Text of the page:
By Andy Metzger
STATE HOUSE NEWS SERVICE
BOSTON -- Concerned that some of his supporters might be under a misapprehension that there will be two nominating votes at the June convention, which he said has veered to the left over the years, Democratic gubernatorial candidate Joe Avellone has reached out to delegates to remind them of the rules.
"I'm being aggressive because I want to make sure I get on the ballot," said Avellone, who sent a letter to his supporters highlighting the need to win 15 percent of the convention vote on the first ballot. He said, "I'm at a better place when they know, now - because everybody has received this letter - that they need to choose, and they're only going to have one shot at it, and of course I would like that to be me."
The former Wellesley selectman and surgeon is facing a field that includes the better known and better funded candidacies of Martha Coakley and Treasurer Steven Grossman along with Don Berwick and Juliette Kayyem. Grossman, Berwick and Kayyem have all staked out decidedly liberal positions on policies, and Kayyem and Grossman have challenged frontrunner Coakley on some of her stances, on immigration and sexual education, from a liberal perspective.
"I think there's a bigger risk of excluding legitimate candidates when you have five legitimate candidates," said Avellone, who labels himself a "moderate" in the race. "I think our party is blessed. We have a lot of good people in it, but right now the convention is really dominated by a very liberal wing of the party.
In a Friday post to the liberal website Blue Mass Group, Avellone said the rules had changed during his campaign, but in a phone interview Monday he said he was aware they have not changed since 2004.
"I'm not looking for pity. I'm looking for a fair shot. When I entered this race I knew that I faced an uphill battle, but the rules changed midway through the game, and the hill only got bigger," Avellone wrote, in a post that said the party "changed the convention rules in August."
Massachusetts Democratic Party Executive Director Matthew Fenlon told the News Service the rules giving candidates only the first vote to receive their 15 percent were adopted in 2004. The next statewide race was held in 2006, when Deval Patrick won the convention, the nomination and the governor's race.
"What has become reality since I got in is there are five legitimate candidates, and there was an attempt to restore the two ballots last September that failed, so they reasserted that there was one," Avellone told the News Service. He said, "I know what happened . . . They considered going to two ballots because there were five legitimate candidates and they decided not to do that."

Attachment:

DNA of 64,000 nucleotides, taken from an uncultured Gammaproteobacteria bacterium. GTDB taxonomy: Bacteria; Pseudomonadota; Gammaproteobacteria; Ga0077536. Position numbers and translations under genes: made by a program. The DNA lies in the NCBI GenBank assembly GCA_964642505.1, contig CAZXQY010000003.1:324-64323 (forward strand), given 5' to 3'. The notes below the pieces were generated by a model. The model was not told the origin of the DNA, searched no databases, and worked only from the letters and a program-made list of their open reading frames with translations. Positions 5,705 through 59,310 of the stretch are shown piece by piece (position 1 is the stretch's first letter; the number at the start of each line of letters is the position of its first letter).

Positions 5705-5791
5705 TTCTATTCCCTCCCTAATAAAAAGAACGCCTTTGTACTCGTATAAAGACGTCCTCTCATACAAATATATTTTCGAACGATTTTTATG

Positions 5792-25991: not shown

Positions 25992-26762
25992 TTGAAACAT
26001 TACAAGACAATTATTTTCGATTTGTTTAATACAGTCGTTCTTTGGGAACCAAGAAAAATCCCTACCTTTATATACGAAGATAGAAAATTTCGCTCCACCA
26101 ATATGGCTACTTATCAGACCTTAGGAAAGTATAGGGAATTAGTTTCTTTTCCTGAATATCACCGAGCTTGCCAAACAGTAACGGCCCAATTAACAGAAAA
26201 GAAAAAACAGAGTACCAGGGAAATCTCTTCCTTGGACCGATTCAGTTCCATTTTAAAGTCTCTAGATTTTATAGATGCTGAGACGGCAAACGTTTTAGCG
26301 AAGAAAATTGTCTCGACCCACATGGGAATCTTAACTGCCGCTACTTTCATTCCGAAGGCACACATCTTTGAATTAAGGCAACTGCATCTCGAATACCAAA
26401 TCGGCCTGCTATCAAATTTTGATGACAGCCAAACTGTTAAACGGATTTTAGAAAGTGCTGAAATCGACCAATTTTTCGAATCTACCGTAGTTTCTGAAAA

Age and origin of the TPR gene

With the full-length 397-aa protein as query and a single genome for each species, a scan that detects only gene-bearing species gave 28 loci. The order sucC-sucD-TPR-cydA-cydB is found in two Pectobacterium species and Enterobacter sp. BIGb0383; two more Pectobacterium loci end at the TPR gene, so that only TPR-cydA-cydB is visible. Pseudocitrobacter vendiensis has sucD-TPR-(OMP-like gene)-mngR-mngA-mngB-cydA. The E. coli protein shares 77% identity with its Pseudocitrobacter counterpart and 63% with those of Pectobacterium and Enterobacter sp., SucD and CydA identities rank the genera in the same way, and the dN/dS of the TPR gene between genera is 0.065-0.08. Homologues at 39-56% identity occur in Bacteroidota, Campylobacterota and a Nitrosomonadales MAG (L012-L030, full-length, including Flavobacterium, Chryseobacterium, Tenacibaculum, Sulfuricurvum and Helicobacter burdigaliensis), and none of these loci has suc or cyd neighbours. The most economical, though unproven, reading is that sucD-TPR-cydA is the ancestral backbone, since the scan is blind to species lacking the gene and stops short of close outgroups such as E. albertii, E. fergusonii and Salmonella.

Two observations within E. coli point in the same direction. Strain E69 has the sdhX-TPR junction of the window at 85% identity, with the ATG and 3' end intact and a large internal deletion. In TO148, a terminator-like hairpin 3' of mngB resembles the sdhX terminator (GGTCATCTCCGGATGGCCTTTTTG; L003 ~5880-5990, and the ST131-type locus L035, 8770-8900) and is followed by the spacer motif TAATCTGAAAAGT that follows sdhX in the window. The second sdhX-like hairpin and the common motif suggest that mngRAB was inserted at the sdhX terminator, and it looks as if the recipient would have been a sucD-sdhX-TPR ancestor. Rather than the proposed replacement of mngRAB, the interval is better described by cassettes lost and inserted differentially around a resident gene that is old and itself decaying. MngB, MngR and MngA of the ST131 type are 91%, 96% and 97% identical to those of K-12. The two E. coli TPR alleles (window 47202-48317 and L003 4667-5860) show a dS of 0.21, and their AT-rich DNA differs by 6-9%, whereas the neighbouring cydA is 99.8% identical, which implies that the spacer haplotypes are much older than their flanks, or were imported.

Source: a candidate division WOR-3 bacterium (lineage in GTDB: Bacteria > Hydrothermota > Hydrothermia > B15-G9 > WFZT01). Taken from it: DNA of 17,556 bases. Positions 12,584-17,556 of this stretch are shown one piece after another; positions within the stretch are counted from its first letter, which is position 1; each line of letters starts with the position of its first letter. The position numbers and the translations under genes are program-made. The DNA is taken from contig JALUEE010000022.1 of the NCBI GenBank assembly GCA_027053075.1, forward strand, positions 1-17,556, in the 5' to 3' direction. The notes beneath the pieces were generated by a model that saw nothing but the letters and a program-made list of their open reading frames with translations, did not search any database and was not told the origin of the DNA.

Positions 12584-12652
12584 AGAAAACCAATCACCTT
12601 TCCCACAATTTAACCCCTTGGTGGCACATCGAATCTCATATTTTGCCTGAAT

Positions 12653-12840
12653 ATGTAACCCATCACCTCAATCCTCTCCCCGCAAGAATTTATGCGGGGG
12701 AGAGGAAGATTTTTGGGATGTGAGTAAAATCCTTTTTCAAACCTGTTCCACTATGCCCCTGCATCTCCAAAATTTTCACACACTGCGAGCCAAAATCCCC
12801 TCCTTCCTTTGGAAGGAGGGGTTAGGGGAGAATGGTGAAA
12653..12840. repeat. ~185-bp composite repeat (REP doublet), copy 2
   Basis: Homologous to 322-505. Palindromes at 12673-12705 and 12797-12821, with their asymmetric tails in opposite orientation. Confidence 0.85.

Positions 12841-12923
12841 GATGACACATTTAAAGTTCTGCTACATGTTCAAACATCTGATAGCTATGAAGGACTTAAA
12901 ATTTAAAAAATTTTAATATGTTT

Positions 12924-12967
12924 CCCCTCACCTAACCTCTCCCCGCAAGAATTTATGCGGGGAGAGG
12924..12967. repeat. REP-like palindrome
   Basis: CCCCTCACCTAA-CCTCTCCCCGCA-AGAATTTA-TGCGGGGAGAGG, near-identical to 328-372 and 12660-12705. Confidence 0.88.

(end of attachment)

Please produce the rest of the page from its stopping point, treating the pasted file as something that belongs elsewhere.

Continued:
The process lends itself to candidates meeting with and wooing the party faithful who will seek one of the slots from their town or city neighborhood to attend the Worcester convention.
"I went from talking to voters all across the Commonwealth to 5,000 delegates to the Party's Convention this summer," wrote Avellone, who was the first candidate to enter the race, filing a campaign finance report Jan. 9, 2013.
Avellone said he is confident that he will be able to win the 15 percent delegate vote required to continue in the primary, and said he prefers an older convention system where he said candidates could win their 15 percent on either the first or second ballot.
The results of the Republican State Convention, which gave Charlie Baker the gubernatorial nomination, could be subject to change as the lesser known Tea Party candidate Mark Fisher has challenged the party's count in court.
Avellone said he supports the threshold of 15 percent that candidates for statewide office need to receive from party delegates at the convention, but he believes there should be two ballots to allow for greater ballot access. When the rule change first went into effect, in 2006, there were three Democratic candidates for governor, Avellone pointed out, as opposed to the five today - a number that intensifies the competition for delegates' support.
Avellone pointed out that many people were elected as delegates without any allegiance to a particular candidate, and he said the party could solve the logistical problems multiple votes might present through the use of technology.